The U.S. Supreme Court ruled on Tuesday that police officers have the authority to stop cars and question drivers based on anonymous 911 tips.
In a 5-4 decision, the court held that stops based on anonymous tips do not amount to an unreasonable search or seizure, even if the officer did not observe the vehicle speeding or swerving. “The decision affirms a ruling of the California courts.”
The case began in August 2008 when an anonymous call was made to 911 dispatch in Mendocino County reporting that a pickup truck had forced another vehicle off the road. Although the caller did not give out their personal information, a detailed description of the truck and the license plate number were reported.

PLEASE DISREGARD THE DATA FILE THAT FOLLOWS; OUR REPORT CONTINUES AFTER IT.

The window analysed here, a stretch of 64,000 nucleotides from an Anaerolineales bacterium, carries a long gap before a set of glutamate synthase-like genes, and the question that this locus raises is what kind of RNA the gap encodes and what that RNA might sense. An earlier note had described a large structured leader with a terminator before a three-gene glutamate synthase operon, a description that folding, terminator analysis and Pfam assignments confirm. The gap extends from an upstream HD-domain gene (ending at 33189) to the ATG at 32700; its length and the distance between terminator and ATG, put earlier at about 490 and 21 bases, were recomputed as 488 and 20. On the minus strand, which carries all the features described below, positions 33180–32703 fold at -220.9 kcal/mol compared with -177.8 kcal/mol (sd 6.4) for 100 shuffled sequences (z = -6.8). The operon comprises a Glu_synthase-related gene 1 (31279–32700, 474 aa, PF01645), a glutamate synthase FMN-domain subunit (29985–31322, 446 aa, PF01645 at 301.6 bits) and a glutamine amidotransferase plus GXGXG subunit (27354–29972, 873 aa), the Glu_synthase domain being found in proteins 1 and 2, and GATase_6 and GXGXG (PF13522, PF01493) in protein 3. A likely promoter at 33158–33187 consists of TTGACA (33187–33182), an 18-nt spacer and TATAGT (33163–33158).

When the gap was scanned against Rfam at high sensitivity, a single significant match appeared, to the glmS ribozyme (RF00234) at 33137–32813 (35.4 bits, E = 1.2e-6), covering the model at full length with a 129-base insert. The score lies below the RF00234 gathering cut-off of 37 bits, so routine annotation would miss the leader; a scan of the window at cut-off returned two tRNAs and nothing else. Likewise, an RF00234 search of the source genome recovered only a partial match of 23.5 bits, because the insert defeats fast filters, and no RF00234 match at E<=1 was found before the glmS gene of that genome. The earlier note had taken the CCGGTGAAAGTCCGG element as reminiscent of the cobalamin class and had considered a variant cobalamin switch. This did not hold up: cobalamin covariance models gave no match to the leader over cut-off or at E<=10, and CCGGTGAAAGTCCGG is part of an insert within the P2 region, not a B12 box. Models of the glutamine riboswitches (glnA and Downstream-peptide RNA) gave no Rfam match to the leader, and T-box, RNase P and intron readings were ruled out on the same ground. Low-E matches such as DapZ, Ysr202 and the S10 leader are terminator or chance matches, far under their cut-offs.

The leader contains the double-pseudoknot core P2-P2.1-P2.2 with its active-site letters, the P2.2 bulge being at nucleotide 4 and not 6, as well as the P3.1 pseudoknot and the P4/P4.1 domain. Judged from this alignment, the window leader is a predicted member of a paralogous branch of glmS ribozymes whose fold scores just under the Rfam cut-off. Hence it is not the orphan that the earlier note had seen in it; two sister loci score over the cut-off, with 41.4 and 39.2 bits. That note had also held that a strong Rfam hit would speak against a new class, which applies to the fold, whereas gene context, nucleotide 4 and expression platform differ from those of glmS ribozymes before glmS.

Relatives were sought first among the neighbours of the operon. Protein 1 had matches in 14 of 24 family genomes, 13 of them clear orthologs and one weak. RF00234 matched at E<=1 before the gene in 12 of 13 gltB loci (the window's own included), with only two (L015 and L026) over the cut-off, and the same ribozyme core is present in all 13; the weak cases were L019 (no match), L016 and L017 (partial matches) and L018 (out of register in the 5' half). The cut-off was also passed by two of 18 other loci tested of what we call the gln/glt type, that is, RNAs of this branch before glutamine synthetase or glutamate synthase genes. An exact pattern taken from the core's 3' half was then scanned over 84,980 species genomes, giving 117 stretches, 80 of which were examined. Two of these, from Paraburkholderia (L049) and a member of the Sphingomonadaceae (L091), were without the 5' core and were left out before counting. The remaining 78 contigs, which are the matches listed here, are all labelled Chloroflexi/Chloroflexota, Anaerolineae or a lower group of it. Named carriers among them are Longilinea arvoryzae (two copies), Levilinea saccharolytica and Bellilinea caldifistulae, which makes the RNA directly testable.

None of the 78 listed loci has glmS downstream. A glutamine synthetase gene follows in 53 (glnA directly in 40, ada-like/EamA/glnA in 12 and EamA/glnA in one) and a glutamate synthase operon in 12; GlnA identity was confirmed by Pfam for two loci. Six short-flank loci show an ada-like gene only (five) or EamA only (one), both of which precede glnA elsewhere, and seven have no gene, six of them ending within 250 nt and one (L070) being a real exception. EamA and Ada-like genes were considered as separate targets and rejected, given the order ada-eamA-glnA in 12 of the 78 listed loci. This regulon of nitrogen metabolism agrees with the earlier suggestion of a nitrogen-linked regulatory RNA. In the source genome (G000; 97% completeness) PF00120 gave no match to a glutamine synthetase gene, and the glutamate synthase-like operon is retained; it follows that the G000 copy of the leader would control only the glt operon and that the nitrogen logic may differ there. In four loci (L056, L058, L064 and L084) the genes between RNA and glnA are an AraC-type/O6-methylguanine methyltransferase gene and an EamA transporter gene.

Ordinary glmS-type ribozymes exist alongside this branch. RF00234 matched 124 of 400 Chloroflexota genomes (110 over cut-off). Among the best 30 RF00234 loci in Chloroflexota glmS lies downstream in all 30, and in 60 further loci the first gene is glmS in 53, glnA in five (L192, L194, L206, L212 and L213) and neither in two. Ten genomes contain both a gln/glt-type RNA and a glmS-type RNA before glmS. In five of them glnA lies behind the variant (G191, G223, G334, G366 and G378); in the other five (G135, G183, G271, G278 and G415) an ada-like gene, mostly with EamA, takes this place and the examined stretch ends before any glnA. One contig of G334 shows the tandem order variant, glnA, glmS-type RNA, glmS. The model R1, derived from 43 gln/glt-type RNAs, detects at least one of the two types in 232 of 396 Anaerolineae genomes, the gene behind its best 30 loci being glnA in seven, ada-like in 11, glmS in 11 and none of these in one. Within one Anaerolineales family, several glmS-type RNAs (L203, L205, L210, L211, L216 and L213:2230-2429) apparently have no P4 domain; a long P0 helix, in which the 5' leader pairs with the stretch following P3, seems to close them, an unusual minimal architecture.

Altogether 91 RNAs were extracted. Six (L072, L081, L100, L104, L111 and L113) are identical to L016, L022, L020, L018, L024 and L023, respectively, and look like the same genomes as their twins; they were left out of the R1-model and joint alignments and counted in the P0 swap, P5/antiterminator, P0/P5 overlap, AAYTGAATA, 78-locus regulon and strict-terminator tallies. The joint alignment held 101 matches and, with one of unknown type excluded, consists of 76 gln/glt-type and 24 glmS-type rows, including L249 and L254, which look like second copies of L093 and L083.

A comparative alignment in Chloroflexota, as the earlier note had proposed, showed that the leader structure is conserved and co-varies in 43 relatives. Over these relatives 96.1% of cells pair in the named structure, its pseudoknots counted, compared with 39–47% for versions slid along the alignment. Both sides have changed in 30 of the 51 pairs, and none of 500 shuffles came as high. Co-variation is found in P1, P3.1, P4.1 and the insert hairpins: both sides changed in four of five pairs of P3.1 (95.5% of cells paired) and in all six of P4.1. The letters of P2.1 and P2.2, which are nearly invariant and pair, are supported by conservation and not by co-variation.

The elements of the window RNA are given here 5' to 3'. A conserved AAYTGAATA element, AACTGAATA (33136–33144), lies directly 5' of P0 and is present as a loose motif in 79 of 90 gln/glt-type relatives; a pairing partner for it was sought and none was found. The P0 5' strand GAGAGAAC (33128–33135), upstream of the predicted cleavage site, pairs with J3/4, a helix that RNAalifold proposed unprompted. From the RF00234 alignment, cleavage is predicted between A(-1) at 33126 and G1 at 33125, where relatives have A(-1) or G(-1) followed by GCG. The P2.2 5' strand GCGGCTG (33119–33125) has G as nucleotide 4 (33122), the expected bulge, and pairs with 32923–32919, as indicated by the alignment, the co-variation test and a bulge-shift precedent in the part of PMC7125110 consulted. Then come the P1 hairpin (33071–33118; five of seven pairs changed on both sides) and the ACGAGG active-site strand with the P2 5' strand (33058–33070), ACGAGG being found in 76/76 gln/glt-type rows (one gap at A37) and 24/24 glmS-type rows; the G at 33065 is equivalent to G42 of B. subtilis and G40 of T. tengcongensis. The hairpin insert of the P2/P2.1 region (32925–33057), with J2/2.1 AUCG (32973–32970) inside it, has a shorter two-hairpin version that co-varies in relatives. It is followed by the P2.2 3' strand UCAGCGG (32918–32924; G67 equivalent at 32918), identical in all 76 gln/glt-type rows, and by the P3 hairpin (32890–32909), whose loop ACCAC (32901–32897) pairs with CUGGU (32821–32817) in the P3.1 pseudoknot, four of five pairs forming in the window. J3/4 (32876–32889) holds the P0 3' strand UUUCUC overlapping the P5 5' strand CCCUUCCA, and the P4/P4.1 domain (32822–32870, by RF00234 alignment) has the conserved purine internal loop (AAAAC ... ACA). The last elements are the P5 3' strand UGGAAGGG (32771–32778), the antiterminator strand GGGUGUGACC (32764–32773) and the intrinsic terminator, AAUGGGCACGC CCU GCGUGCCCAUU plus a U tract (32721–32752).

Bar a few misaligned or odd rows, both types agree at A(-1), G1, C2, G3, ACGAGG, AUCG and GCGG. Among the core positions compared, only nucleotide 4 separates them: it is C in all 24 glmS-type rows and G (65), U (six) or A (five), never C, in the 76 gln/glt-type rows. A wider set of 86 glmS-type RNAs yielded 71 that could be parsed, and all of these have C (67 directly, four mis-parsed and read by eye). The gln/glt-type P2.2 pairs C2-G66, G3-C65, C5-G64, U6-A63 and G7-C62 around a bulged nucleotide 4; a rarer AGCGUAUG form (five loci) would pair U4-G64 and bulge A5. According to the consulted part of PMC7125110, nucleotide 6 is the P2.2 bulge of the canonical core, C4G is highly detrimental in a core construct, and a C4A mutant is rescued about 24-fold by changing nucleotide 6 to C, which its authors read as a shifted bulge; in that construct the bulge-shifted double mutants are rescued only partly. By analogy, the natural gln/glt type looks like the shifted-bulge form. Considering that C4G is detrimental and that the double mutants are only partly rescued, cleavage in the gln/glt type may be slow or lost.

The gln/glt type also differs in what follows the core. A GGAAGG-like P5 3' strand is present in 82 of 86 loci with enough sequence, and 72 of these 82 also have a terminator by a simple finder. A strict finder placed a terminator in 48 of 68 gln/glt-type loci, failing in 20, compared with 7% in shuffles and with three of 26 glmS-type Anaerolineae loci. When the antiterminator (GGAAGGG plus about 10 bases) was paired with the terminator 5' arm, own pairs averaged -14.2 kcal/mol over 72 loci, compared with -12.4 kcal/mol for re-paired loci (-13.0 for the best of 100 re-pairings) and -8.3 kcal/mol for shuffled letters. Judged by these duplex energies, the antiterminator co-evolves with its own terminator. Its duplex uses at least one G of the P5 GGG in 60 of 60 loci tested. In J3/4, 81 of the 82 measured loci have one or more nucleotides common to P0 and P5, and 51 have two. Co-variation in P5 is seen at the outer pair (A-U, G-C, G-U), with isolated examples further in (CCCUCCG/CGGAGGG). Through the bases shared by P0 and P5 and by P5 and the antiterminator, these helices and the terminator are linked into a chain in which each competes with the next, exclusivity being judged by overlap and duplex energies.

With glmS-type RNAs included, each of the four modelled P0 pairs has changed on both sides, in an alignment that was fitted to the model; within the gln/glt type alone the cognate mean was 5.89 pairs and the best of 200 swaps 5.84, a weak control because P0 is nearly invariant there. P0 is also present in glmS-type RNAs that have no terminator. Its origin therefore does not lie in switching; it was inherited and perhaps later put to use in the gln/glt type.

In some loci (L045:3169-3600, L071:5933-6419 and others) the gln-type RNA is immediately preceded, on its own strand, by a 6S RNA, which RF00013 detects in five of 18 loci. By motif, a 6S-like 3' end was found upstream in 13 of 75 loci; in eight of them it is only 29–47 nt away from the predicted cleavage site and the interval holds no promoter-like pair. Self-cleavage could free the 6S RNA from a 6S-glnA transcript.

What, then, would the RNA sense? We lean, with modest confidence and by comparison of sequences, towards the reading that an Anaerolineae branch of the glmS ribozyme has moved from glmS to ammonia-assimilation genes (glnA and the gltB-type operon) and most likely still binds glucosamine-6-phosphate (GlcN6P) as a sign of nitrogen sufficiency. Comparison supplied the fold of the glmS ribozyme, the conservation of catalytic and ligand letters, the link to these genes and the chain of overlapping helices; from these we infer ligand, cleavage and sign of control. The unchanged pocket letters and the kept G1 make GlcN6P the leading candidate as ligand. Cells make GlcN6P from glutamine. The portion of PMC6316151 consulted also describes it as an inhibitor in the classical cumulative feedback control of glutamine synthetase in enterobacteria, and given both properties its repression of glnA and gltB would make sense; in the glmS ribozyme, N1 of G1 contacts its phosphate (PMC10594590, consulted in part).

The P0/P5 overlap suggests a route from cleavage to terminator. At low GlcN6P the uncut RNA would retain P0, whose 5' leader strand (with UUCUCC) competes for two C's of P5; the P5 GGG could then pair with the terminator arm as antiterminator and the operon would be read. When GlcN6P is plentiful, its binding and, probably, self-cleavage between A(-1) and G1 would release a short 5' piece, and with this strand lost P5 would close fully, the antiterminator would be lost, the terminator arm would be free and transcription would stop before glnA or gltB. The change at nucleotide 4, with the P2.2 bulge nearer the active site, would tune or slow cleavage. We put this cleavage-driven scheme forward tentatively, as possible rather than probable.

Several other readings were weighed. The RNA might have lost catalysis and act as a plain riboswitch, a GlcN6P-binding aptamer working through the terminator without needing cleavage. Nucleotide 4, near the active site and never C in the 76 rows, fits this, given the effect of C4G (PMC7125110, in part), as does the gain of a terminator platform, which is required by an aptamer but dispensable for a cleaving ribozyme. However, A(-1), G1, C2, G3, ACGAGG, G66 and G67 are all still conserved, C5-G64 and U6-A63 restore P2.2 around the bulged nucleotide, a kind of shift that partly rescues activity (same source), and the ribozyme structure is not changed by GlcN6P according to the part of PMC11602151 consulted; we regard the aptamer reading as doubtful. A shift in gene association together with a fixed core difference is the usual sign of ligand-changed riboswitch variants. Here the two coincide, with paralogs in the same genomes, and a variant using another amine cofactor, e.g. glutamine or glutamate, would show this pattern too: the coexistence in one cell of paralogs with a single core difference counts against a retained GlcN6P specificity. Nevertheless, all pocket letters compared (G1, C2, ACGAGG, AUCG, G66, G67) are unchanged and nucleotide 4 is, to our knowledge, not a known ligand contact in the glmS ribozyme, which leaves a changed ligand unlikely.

Police responded to the dispatch and pulled over the truck that matched the description. Upon pulling over the truck, officers found 30 pounds of marijuana. The two men in the truck, Lorenzo Navarette and Jose Navarette, were arrested and later convicted of trafficking marijuana. The men later appealed and argued that the stop and search violated their rights under the 4th Amendment.
“In the past the court said that police officers could not rely on an anonymous tip to stop and search a pedestrian. The court worried that anonymous callers could unfairly target people for embarrassing searches.” However, Tuesday’s ruling now allows officers to make stops based on anonymous tips that provide enough detail to give rise to a “reasonable suspicion” of criminal activity. In this case, a vehicle forcing another vehicle off the road.